Chapter 1 gives a general introduction to the fine chemical structures of potato cell wall polysaccharides, the main models of cell wall architecture and the cell wall-degrading enzymes, which include pectinases, hemicellulases and cellulases. In addition, transgenic modification of the cell wall through the heterologous expression of various enzymes from fungal or plant origin that could modify potato cell wall polysaccharides in planta is addressed. Transgenic modifications of potato cell wall polysaccharides that targeted pectin structures and cellulose levels are summarised. However, due to unsuccessful starch removal during CWM isolation and incomplete analysis of CWM yield and composition, characteristics regarding the different cell wall polysaccharides from previously-studied transgenic potato lines are hardly available.
CWMs were extracted from the Karnico (wild-type) potato and its transgenic lines that expressed either β-galactosidase or rhamnogalacturonan lyase (Chapter 2). Improved starch removal procedures proved to be successful. Pectic polysaccharides were fractionated from CWMs of wild-type potato and its transgenic lines β-Gal-14 and RGL-18. Most β-Gal-14 pectin populations had less galactose (Gal) than wild-type, indicating that the transgenic line had shorter galactan side chains, although the side chain length differed for individual pectin populations. The ratio of HG:RG-I was introduced to evaluate the pectin backbone structure. High HG:RG-I ratios were consistently found in RGL-18 pectic polysaccharide populations. A low level of RG-I segments in combination with lower Gal contents indicated the removal of the galactan-rich RG-I segments in all pectin populations of RGL transgenic lines. In addition, RGL-18 transgenic modification increased the methyl-esterification and lowered the acetylation of pectins present in hot buffer extracts, when compared to wild-type. No effect on pectin esterification was found for β-Gal transgenic lines. Side effects of the mutation generated unexpected changes in the various pectin populations.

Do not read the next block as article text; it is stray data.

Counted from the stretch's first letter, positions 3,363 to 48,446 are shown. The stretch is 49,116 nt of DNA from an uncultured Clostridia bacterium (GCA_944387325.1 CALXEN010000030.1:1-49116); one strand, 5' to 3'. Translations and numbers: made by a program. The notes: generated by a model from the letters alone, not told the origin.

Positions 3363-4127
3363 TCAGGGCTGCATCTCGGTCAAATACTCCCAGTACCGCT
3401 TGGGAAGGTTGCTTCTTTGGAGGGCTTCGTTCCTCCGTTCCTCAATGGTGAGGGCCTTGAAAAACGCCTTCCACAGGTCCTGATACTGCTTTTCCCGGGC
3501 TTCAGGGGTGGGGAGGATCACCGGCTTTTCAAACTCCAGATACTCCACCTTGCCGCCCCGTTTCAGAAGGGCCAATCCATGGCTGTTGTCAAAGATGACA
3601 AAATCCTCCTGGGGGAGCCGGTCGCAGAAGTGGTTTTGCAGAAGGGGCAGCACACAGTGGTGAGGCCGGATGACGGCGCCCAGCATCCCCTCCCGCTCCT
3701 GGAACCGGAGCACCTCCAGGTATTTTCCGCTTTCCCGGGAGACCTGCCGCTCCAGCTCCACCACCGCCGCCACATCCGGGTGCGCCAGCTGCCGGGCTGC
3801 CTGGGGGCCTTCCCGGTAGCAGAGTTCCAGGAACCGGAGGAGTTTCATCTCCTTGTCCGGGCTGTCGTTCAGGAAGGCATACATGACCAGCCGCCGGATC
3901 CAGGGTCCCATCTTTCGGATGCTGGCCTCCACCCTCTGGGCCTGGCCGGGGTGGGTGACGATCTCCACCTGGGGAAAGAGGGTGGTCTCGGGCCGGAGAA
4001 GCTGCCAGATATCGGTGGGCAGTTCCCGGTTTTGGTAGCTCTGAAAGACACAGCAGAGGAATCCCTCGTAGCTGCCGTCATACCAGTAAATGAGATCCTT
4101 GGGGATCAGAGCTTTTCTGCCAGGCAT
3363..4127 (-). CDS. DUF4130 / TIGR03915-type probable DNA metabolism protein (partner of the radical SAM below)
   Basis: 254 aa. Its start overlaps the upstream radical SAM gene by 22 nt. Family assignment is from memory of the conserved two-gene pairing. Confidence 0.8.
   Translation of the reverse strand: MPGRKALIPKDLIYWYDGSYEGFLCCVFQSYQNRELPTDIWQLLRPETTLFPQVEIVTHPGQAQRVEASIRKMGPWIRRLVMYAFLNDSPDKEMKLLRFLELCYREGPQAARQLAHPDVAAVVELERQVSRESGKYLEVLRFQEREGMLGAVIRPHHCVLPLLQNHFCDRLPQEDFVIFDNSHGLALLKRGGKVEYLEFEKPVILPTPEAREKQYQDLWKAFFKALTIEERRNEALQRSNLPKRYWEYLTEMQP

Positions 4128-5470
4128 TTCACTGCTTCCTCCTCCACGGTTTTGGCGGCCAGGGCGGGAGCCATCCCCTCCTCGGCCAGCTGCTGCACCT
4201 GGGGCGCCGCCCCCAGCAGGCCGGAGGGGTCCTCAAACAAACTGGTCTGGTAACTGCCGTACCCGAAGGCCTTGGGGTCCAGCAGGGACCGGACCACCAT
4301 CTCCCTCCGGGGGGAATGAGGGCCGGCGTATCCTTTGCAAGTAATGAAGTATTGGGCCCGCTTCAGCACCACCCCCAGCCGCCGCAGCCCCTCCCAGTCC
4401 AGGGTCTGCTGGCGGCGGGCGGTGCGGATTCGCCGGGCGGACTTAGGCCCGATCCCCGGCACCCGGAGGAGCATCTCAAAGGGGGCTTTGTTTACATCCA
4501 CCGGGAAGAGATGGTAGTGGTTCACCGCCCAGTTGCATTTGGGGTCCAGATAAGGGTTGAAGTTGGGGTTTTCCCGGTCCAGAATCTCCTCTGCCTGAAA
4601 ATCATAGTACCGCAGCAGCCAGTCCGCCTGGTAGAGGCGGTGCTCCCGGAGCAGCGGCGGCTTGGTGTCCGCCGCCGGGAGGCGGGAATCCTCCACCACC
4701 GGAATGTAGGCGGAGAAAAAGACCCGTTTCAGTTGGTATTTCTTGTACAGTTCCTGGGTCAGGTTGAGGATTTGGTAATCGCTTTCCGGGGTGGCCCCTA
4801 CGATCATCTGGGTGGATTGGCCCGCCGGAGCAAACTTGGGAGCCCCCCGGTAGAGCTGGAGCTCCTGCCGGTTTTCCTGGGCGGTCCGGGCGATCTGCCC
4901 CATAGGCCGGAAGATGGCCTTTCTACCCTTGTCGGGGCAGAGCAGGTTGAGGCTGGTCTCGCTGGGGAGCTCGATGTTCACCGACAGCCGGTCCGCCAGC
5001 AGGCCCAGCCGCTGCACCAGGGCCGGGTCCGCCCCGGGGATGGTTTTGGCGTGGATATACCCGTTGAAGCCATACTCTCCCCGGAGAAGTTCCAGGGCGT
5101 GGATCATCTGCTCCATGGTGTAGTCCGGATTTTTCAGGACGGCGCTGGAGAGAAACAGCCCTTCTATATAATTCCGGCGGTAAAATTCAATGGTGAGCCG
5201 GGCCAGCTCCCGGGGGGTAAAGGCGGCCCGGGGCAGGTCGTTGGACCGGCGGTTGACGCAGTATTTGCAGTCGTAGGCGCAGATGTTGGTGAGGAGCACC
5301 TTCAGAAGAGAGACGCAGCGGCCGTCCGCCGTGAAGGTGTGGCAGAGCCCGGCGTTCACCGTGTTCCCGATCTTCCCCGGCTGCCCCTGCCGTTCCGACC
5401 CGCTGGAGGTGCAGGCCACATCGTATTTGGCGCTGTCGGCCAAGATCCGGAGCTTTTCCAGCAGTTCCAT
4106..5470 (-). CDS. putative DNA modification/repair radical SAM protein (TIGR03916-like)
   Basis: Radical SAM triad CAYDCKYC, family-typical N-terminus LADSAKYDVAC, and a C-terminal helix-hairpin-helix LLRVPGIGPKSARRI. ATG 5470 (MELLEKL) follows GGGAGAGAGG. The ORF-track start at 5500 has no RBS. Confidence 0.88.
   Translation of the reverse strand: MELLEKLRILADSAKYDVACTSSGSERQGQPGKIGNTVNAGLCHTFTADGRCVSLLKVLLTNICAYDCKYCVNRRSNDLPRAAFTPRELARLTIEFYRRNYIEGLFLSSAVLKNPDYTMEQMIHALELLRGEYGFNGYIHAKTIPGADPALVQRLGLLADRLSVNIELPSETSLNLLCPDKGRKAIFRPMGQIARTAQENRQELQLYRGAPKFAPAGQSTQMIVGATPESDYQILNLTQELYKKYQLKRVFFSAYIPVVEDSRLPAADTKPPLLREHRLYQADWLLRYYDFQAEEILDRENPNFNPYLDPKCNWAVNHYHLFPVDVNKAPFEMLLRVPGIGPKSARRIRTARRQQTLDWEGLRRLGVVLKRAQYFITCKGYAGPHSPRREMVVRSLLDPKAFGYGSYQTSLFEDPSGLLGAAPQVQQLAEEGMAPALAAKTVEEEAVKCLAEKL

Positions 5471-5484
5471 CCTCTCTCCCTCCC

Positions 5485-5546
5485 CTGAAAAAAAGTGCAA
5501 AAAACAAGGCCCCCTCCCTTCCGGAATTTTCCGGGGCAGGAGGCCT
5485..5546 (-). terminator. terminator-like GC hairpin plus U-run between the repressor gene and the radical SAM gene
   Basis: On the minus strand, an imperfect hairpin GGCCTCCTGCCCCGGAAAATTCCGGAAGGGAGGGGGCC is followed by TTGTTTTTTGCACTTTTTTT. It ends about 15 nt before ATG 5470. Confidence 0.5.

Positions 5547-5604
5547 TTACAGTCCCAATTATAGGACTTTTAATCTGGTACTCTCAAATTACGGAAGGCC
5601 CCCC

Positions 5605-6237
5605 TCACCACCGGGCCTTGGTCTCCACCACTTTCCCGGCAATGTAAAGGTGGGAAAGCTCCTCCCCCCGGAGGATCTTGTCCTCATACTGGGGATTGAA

The xyloglucan structure was extensively modified after transgenic modification of the pectin structure. Two xyloglucan extracts were obtained from the Karnico and its β-Gal-14 and RGL-18 transgenic lines (Chapter 3). The extracts of the Karnico and RGL-18 lines were mainly comprised of the XXGG-type xyloglucan as represented by XXGG and XSGG as predominant repeating units. In contrast, the XXXG-type xyloglucan was primarily present in the β-Gal-14 4 M alkali extract built up by LLUG repeats, although XXGG type of xyloglucan was present in the 1M alkali extract. Both the RGL and β-Gal transgenic lines had different proportions of xyloglucan building blocks (XSGG/XXGG ratios) than wild-type. After transgenic modification of pectin backbone or pectin side chains, the xyloglucan structures has been biosynthetically modified by plant itself.
Uridine diphosphate (UDP)-glucose 4-epimerase (UGE) catalyses the conversion of UDP-glucose into UDP-galactose, which hypothetically should lead to more galactose being built into the cell wall polysaccharides. CWMs from the Kardal (wild-type) potato and its UGE45-1 and UGE51-16 transgenic lines were isolated, fractionated and characterised (Chapter 4). Both the UGE45 and UGE51 genes encoded for UGE enzymes, but the corresponding transgenic lines exhibited different modifications of the galactan side chains and of other cell wall structures. The Gal content of CWM from the UGE45-1 transgenic line was 38% higher than that of the wild-type and resulted in longer pectin side chains. The Gal content present in CWM from UGE51-16 was 17% lower than that of wild-type, which resulted in a slightly shorter galactan side chains for most pectin populations. Both UGE transgenic lines showed a decreased acetylation and an increased methyl-esterification of the cell wall pectin. Side effects were found in the xyloglucan structures of the transgenes as reflected by different proportions of XSGG/XXGG repeating units in comparison to wild-type. Pectin side chain biosynthesis had not only a varying level of galactan side chain modification, but also influenced the structure and possibly the interaction of other cell wall polysaccharides.